The forecast of the Brazilian crop was unchanged at 2.4 billion bushels. The USDA now expects U.S. corn exports to reach 1.65 billion bushels during the current marketing year, he said.
"Nineteen weeks into the year, export inspections have averaged 32.7 million bushels per week (adjusted for Census export estimates through November). Inspections need to average 30.9 million per week from now through August in order for the total to reach the projection," he said.
A further reduction in the size of the South American crop, as occurred in the drought of 2008-09, could boost U.S. exports above the current projection, particularly if China continues the current pattern of small weekly purchases, he noted.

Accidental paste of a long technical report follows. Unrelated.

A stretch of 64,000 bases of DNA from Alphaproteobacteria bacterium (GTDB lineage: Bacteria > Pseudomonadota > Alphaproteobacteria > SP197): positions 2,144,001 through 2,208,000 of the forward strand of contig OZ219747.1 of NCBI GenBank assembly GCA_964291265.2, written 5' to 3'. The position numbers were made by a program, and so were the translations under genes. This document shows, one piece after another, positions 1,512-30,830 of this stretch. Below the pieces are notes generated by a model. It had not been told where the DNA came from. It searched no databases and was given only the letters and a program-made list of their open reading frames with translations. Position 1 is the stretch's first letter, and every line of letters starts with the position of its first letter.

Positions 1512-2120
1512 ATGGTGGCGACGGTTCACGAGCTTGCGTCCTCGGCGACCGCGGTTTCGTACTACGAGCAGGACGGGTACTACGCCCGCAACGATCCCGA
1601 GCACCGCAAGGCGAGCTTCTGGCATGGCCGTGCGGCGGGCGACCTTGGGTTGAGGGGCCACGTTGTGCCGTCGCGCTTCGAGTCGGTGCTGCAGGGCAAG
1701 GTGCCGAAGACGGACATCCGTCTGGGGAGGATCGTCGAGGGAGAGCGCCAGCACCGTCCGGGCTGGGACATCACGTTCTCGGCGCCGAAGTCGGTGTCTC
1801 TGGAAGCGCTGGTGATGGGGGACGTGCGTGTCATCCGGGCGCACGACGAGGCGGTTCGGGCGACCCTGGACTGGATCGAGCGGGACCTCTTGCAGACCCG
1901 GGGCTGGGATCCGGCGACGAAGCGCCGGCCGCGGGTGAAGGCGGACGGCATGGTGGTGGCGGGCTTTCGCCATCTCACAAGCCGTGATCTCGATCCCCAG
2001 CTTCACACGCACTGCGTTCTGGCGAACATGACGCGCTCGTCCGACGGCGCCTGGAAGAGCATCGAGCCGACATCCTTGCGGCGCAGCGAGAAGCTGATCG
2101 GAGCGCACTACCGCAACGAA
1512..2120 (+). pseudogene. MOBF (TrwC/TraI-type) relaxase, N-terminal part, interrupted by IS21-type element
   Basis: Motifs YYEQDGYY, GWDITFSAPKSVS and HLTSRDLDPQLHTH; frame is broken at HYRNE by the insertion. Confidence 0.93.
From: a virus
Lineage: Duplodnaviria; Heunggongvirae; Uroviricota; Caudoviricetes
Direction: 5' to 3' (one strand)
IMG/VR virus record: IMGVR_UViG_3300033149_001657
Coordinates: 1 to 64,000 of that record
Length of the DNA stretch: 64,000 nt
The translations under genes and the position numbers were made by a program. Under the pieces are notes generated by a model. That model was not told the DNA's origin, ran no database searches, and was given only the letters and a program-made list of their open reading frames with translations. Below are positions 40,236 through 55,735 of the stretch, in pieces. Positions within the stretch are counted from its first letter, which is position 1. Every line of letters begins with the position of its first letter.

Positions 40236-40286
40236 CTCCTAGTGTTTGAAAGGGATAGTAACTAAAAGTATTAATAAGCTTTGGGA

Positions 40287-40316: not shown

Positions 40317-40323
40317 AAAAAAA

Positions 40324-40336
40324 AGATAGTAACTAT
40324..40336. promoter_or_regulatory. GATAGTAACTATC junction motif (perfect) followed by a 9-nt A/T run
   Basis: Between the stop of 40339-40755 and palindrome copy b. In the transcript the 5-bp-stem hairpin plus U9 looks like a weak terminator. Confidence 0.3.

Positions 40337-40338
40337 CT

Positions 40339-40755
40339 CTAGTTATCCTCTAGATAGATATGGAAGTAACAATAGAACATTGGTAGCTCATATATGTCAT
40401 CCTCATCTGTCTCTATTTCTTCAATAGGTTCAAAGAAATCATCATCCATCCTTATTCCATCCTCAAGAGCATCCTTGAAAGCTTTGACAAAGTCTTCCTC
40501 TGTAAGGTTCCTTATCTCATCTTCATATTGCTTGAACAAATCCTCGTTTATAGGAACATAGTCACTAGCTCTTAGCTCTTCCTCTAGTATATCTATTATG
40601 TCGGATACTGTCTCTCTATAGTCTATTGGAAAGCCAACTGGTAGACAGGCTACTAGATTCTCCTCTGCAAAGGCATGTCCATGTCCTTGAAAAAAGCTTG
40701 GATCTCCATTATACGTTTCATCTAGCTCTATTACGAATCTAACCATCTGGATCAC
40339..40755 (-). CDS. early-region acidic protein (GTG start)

"Beyond the South American crop, corn prices will be influenced by 2012 U.S production prospects. In general, analysts are anticipating more acres, higher yields, and a much larger crop than in 2011," Good said.
According to Good, such a large crop has not yet been priced into the market. Potential crop size will be gradually reflected from spring through harvest, beginning with the USDA's February baseline projections and including the March 30 Prospective Plantings report.
"Oh, and don't forget the March Grain Stocks report to be released on the same day," he said.